TRICARE/MEDICARE: Many members of MOPH rely on these two programs for their health care. For retired military members, Tricare is an important benefit that was earned. MOPH urges Congress to take action to prevent the 27 percent cut in payments that will take effect on March 1 of this year, to medical providers who accept Tricare/Medicare patients. It is well known that many doctors are not accepting new patients or are opting out of the program altogether.

SERVICE DISABLED VETERAN OWNED SMALL BUSINESSES (SDVOSBs) AND VETERAN OWNED SMALL BUSINESSES (VOSBs): Through congressional efforts, Public Law (PL) 106-50 was signed into law in 1999 and Part 19, of the Federal Acquisition Regulations, gave Service Disabled Veterans the opportunity to be part of the Federal Government contracting arena as a designated group. As enacted, Public Law 106-50 established a SDVOSB procurement goal of 3 percent for all federal agencies and prime contractors. However, it was discovered that PL 106-50 did not allow for set aside procurements for SDVOSBs and thus, other mandates were created to establish lawful procurement vehicles to assist agencies in achieving the 3 percent goal. However, the Department of Veterans Affairs (DVA) “Veterans First Program” is not operating in a manner that puts Veterans first and uses other procurement methods to bypass SDVOSBs and VOSBs. The MOPH urges that you insist that the VA adhere to Congressional intent and guarantee that veterans do come first in implementing the Veterans First Program.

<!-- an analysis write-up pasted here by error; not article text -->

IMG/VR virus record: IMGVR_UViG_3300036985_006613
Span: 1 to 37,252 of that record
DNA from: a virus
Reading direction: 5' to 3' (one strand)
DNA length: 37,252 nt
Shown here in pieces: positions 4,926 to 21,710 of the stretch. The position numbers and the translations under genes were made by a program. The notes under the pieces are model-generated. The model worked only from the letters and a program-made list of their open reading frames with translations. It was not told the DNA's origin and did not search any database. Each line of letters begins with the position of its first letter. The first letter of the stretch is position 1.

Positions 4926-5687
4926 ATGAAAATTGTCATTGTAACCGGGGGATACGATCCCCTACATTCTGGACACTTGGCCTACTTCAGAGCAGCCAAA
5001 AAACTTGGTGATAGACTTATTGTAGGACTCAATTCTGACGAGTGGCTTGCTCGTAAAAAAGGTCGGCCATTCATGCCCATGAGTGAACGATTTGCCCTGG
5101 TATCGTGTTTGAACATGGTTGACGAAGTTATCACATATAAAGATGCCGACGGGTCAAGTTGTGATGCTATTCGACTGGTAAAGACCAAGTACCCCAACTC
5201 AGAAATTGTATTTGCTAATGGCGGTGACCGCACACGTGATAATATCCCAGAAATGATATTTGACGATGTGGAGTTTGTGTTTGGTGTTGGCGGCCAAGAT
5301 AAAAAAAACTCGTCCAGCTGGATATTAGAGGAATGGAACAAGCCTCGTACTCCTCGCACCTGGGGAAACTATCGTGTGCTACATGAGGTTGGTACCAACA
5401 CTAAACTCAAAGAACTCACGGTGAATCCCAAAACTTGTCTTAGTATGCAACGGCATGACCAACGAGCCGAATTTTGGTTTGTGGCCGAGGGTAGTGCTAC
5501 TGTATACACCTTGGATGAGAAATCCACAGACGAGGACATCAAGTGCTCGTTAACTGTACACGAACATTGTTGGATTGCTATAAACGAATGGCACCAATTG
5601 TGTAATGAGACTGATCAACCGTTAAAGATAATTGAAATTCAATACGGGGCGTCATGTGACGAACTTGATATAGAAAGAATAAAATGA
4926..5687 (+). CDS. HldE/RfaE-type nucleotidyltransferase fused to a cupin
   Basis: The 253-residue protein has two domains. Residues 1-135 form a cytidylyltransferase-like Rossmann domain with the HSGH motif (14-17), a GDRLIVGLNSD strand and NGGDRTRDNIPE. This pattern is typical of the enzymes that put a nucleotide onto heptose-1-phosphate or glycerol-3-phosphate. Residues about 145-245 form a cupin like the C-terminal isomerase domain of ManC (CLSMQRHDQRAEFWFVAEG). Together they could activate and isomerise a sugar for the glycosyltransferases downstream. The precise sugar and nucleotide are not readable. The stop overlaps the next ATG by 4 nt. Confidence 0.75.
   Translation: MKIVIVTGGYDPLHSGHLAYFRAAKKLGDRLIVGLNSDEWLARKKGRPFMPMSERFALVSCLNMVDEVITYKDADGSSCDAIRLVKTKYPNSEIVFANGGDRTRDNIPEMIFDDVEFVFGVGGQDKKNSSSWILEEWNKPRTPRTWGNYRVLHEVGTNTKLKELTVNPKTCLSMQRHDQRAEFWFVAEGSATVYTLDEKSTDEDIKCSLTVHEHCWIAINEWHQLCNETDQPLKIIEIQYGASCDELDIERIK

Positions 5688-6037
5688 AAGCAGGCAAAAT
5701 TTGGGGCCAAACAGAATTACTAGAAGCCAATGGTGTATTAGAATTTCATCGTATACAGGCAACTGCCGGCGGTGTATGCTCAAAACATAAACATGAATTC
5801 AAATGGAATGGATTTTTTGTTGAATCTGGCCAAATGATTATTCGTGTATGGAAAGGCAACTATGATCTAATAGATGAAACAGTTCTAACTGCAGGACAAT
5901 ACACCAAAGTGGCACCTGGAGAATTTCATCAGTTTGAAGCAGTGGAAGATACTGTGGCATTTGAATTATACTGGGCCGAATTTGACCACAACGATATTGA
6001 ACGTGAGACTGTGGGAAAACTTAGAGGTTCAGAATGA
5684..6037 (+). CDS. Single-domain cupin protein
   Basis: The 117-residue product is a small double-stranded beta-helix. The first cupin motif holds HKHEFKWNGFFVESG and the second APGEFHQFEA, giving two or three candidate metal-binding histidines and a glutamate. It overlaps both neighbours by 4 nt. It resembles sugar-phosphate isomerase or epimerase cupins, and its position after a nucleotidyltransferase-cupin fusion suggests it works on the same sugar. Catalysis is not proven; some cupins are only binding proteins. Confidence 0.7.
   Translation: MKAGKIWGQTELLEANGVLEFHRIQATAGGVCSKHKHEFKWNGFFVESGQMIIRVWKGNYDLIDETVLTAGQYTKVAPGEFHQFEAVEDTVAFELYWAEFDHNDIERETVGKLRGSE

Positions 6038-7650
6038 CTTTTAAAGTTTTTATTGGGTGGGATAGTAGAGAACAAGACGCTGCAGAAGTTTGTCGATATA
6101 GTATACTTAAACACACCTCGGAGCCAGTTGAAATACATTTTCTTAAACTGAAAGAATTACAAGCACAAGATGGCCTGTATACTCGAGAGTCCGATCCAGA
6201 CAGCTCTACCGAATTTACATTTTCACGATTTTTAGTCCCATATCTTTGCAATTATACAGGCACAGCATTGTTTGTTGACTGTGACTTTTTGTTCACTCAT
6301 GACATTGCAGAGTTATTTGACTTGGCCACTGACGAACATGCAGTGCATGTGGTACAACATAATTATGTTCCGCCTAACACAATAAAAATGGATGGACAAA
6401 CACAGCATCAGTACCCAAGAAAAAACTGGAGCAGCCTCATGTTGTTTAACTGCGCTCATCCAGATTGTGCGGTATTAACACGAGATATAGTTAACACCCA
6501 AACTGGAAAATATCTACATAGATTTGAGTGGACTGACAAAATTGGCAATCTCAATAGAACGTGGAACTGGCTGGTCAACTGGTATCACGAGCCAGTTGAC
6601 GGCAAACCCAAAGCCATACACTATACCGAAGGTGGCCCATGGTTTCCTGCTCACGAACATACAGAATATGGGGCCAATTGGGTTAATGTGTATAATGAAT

The organization now known as the “Military Order of the Purple Heart of the U.S.A. Inc.,” (MOPH) was formed in 1932 for the protection and mutual interest of all combat wounded veterans and active duty men and women who have received the decoration. Chartered by the Congress, the MOPH is unique among veteran service organizations in that all its members were wounded in combat. For this sacrifice, they were awarded the Purple Heart Medal. With grants from the MOPH Service Foundation, the MOPH and its Ladies Auxiliary promote patriotism, fraternalism, and the preservation of America’s military history. Most importantly, through veteran service, they provide comfort and assistance to all veterans and their families, especially those requiring claims assistance with the VA, those who are homeless, and those requiring employment assistance. Through the VAVS program, MOPH volunteers selflessly provide assistance to hospitalized veterans at VA medical facilities and state veterans homes.

For information contact:
MOPH National Legislative Director, Hershel Gober, (202) 550-2491, [email protected]
National Public Relations Director, John Bircher, 352-753-5535
Email: [email protected]

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College of the Ozarks Aquatics Department, in conjunction with the American Red Cross’ “Learn to Swim” program, will offer swim lessons from April 16-26, 2012, at the Howell W. Keeter Athletic Complex Natatorium.

Lessons are offered to children ages six months through 15 years. The “Parent and Child Aquatics” program, available to students six months to four years old, will begin at 5 p.m. nightly.

The “Learn to Swim” program, available for students ages 5 to 15, will be offered in two different sessions. The first session begins at 5:30 p.m. and the second begins at 6:15 p.m. Participants will be divided into groups based on ability, and each group will have its own instructor.